• Кристина Субботина

STARTUP FINANCING: Convertible Notes. Part II.

Updated: Jun 28, 2020

Convertible notes are loans that (ideally) convert into equity, typically in conjunction with a future financing round. Noteholders, or investors, prefer to convert their notes into preferred stock which has additional rights, preferences, and privileges compared to common stock. Companies, or startups, prefer the notes to convert into common stock.

A convertible note combines debt and equity features. Convertible notes include the following debt features:

(1) Principal amount. Typically ranges from tens of thousands of dollars to upwards of $1 million.

(2) Annual interest. Typically 3-10% interest that accrues on the principal balance.

(3) Maturity date. Usually, 1-2 years. Some convertible notes provide that an entire series of notes becomes payable upon the demand of the majority-in-interest of the noteholders in that series on or after the maturity date. This provision is beneficial for the companies, as it leaves the decision to demand repayment with the largest noteholders.

(4) Priority in a Liquidation. Upon a dissolution or winding-up of the company (which is not in connection with a sale of the company), the noteholders’ claim is superior to all equity holders of the company and typically pari passu with all other unsecured non-senior debtholders. These notes are usually unsecured because the cost of documenting and perfecting a security interest for a seed-stage startup company with little to no assets is rarely worthwhile from an investor's perspective.

Convertible notes include the following equity features:

(1) Conversion Events. Convertible notes may convert into different types of equity on the occurrence of any of the following events:

  • The closing of a subsequent equity financing (the “Next Equity Financing”). A preferred stock financing is the most common conversion trigger;

  • The closing of a sale of the company or substantially all of its assets (the “Corporate Transaction”); and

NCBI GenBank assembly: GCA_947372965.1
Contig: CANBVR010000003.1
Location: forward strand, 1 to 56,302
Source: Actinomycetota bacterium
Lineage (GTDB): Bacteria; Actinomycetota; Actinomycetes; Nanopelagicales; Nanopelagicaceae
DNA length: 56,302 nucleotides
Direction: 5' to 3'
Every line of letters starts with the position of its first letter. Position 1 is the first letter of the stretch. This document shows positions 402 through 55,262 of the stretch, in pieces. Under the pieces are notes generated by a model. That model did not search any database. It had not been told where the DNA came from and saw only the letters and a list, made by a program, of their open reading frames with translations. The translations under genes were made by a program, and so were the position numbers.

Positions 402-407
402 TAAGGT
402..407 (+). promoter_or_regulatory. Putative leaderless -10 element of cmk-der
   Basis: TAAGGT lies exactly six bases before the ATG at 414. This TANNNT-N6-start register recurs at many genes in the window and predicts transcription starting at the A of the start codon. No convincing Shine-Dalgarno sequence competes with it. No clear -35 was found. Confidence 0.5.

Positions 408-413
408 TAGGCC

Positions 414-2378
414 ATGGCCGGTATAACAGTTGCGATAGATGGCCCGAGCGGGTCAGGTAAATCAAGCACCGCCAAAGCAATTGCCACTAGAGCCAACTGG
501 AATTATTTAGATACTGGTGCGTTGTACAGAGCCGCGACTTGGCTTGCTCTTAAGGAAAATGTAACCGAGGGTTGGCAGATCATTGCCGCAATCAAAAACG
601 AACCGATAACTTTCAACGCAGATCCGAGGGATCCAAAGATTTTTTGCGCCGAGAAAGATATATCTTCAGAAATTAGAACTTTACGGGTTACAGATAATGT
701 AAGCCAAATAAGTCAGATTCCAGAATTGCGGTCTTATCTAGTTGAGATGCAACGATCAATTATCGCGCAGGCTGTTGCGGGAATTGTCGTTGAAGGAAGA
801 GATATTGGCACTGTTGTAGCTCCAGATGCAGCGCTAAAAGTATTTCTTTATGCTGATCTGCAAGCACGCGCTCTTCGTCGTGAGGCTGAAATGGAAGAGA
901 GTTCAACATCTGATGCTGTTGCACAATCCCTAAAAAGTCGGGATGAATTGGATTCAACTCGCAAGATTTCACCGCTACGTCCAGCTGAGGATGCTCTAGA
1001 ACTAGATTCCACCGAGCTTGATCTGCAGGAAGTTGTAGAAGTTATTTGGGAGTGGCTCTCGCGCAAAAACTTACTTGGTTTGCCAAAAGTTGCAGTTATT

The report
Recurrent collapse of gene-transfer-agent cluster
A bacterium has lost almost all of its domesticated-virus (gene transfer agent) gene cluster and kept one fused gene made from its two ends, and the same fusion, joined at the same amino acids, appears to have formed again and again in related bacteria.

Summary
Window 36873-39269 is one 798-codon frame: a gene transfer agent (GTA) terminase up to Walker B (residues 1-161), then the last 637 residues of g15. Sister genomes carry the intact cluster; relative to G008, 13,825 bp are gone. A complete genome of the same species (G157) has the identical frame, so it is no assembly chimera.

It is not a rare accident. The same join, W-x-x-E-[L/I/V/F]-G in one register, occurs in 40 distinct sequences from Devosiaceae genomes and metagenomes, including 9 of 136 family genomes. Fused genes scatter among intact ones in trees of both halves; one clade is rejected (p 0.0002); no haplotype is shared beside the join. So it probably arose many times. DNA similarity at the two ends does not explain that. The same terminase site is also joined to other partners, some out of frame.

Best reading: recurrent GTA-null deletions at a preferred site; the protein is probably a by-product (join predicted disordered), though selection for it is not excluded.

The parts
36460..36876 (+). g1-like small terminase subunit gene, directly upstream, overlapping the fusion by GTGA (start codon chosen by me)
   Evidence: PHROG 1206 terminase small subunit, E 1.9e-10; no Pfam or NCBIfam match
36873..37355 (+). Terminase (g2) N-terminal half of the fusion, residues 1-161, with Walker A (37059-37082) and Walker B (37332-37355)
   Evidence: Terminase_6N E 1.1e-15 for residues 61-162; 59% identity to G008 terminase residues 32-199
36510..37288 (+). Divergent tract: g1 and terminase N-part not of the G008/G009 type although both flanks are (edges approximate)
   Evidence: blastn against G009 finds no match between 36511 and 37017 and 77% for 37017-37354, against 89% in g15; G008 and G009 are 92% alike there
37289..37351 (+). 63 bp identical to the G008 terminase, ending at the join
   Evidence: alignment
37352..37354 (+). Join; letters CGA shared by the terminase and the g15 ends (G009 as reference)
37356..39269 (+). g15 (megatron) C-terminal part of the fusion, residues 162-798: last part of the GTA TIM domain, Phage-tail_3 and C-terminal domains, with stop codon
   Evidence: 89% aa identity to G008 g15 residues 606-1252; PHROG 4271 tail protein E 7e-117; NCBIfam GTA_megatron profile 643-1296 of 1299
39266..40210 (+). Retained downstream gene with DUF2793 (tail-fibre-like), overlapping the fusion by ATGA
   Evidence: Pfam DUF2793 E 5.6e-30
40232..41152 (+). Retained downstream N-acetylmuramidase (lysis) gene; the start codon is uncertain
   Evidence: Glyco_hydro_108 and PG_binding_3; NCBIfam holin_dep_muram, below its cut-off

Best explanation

• Reaching the maturity date before the Next Equity Financing or the Corporate Transaction.

(2) Conversion Price which includes:

  • Conversion Discount rewards noteholders by granting them the right to purchase stock upon the closing of the Next Equity Financing at a reduced price (e.g., 10% to 35%). Sometimes the conversion discount is increased based on how long the notes have been outstanding. For example, a 10% discount if the Next Equity Financing occurs within the first six months of the term, 20% if the Next Equity Financing occurs during the following six months of the term and 30% if the Next Equity Financing has not occurred within the first year of the term.

  • Valuation Cap protects investors from an inflated company valuation by setting a “ceiling” on the pre-money valuation at which the notes may convert in the Next Equity Financing. For example, an investor takes a 20% discount on the stock price of the next round up to a valuation of $X. If a company gets a valuation above $X, the investor’s valuation is still $X. This provision is beneficial for investors to ensure they still have a meaningful stake in the company if it achieves an unusually high valuation in the Next Equity Financing. When notes contain a discount and a valuation cap, they convert at the lesser of the price: calculated based on the discount and implied by the valuation cap.

(3) Conversion Threshold protects noteholders from having their note converted to equity prematurely by setting a “floor” on the amount of funds raised in the Next Equity Financing at which the notes may convert (e.g., $1 million). Also, this provision prevents the investors from gaining significantly more equity than expected.